DETROIT — In an overtime game in which virtually every play can be its own turning point, the Bears lost an interception and the Detroit Lions gained a touchdown in the second quarter when game officials ruled that the Bears had dislodged and intercepted the football from the hands of Lions receiver Golden Tate.
The pass, covering two yards from quarterback Matthew Stafford to Tate, was caught by Tate but nearly immediately popped loose by cornerback Kyle Fuller and taken out of the air by rookie linebacker Jonathan Anderson, making his first NFL start as the Bears adjusted for the loss of middle linebacker Shea McClellin.
The play was reviewed and reversed.
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“The receiver gained possession of the ball with two feet down, and he was standing upright,” said referee Walt Coleman via a pool reporter. “He wasn’t going to the ground; he was standing upright. Two feet down. Possession of the ball. Takes it one more step, and then the ball was stripped out.
“In the end zone, once you have the completed catch, it’s a touchdown. The play is over. He was standing upright. It wasn’t like he was going to the ground where he would have had to have held onto the ball. But he was standing upright. Completed the catch with the ball in the end zone — that makes it a touchdown.”
The result reversal put the Lions up, 21-13, at halftime and left the Bears befuddled.
“I don’t know what they were looking for,” said linebacker Pernell McPhee. “We’ve just got to not leave plays in the hands of the officials.”
Chicago Bears training camp is right around the corner with the first practice (non-padded) scheduled for July 21.
Bears veterans and rookies will report a few days ahead of that first session to acclimate themselves to their new (for some) surroundings. Rookies report on July 16, with veterans coming three days later on July 19.
All eyes will be on QB Mitch Trubisky and the potentially high-flying offense under coach Matt Nagy. Training camp will take on extra importance because of the plethora of new faces on the roster and coaching staff as well as the installation of a completely new offensive scheme. It's critical that Trubisky builds chemistry with wide receivers Allen Robinson, Taylor Gabriel, Anthony Miller and Kevin White, all of whom he's never thrown a regular-season pass to. Add Trey Burton to that mix and a lot of miscues should be expected in the preseason.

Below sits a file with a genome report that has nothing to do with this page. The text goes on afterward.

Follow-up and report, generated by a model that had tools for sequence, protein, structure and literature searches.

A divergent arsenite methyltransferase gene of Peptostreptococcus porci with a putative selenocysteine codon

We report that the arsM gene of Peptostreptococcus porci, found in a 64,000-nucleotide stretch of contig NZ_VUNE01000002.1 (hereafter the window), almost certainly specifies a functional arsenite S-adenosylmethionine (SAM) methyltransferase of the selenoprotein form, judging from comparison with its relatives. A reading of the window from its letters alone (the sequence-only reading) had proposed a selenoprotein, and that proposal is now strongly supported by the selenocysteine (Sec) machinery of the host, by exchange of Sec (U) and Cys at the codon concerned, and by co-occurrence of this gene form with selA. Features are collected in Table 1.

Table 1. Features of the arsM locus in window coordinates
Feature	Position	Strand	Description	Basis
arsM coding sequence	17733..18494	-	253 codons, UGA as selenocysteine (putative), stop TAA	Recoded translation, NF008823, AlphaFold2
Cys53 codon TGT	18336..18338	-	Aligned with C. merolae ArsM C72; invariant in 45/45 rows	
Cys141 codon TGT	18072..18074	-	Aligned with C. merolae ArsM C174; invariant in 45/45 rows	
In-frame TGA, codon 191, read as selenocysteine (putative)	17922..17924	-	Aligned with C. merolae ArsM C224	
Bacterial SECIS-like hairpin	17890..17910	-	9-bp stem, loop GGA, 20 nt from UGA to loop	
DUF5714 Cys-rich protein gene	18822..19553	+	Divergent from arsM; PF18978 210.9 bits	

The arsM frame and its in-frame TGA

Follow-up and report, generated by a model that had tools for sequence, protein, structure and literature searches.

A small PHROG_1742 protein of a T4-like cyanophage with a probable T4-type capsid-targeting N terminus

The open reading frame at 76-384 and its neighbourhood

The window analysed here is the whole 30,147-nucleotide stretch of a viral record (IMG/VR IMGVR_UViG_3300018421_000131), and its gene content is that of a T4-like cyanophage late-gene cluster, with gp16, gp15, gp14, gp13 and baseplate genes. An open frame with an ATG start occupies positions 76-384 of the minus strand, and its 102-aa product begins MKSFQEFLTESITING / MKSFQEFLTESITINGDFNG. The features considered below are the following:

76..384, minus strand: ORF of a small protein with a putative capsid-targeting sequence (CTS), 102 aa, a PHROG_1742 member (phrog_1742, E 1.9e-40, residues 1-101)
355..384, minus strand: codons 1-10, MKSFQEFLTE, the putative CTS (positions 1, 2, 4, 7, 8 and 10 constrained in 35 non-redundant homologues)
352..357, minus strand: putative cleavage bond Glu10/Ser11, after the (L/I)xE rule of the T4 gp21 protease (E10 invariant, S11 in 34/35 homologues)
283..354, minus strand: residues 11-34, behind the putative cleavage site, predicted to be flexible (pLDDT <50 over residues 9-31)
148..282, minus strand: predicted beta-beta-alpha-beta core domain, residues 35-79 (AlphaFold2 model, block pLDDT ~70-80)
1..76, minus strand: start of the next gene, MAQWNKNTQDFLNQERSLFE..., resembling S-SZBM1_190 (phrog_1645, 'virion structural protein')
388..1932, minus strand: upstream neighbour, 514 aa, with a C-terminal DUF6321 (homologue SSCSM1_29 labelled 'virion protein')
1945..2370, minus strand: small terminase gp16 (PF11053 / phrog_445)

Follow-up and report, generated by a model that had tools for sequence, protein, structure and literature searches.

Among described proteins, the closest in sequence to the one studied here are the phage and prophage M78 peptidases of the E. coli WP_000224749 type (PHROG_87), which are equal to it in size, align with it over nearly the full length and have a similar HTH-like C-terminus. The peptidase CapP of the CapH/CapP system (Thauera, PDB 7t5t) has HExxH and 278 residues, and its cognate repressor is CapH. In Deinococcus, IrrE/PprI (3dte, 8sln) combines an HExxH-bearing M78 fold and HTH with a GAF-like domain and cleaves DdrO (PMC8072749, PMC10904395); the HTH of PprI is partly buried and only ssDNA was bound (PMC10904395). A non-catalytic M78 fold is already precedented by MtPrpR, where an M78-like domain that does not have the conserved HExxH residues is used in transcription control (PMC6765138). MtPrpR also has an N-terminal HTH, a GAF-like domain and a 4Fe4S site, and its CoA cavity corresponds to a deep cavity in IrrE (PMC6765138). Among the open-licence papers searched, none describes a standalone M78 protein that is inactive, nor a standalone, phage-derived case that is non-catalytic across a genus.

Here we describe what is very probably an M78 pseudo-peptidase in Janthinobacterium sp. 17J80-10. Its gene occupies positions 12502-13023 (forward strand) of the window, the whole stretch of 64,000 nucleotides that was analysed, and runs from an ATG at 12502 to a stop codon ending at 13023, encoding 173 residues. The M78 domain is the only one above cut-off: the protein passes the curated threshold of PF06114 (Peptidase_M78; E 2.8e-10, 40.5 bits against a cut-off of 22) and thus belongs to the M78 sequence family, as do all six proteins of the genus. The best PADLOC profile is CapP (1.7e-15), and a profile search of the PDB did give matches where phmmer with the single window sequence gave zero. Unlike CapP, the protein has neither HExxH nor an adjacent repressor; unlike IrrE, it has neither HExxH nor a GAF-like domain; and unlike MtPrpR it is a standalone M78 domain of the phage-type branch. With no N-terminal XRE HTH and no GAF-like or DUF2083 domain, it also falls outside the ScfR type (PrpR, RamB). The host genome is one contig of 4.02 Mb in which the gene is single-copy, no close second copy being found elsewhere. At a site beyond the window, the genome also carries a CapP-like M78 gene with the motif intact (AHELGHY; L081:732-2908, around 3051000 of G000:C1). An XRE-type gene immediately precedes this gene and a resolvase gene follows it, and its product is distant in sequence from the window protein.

The rookie class is led by linebacker Roquan Smith, who remains unsigned. With less than 30 days until rookies are required to report, a greater sense of urgency -- even if it's not quite a panic -- is certainly creeping in. Assuming he's signed in time, Smith should earn a starting role early in training camp and ascend to one of the defense's top all-around players.
The Bears have higher-than-usual expectations heading into the 2018 season making fans eager for summer practices to get underway.
The Chicago Bears need a big season from outside linebacker Leonard Floyd. He's the team's best pass-rush option and the only legitimate threat to post double-digit sacks this year.
Floyd joined the Bears as a first-round pick (No. 9 overall) in 2016 and has flashed freakish talent at times. The problem has been his health; he's appeared in only 22 games through his first two seasons.
Floyd's rookie year -- especially Weeks 5 through 9 -- showed a glimpse of the kind of disruptive force he's capable of becoming. He registered seven sacks and looked poised to breakout in 2017. Unfortunately, injuries limited him to only 10 games and four sacks.
Despite his disappointing sophomore season, NFL.com's Gil Brandt has high hopes for Floyd in 2018. The long-time NFL personnel executive named Floyd as the Bear with the best chance to earn a first-time trip to the Pro Bowl.
CHICAGO BEARS: Leonard Floyd, OLB, third NFL season. Floyd had seven sacks as a rookie in 2016, but missed six games last season due to a knee injury. He's a talented guy who can drop into coverage or rush with his hand on the ground and should play much better this season. He also has become much stronger since coming into the league.
The Bears will be in a heap of trouble if Floyd doesn't emerge as a Pro Bowl caliber player. There aren't many pass-rushing options on the roster outside of Floyd aside from Aaron Lynch and rookie Kylie Fitts. Neither edge defender has a resume strong enough to rely on as insurance.
It's a critical year for Floyd's future in Chicago, too. General manager Ryan Pace will decide whether to pick up Floyd's fifth-year option in his rookie contract next offseason. If he plays well, it's a no-brainer. If not, Pace could be looking at two straight first-round picks (see: Kevin White) that he's declined the extra year.
We're a long way from that decision. Until then, the Bears' season may sink or swim based on its pass rush. It begins -- and ends -- with Floyd.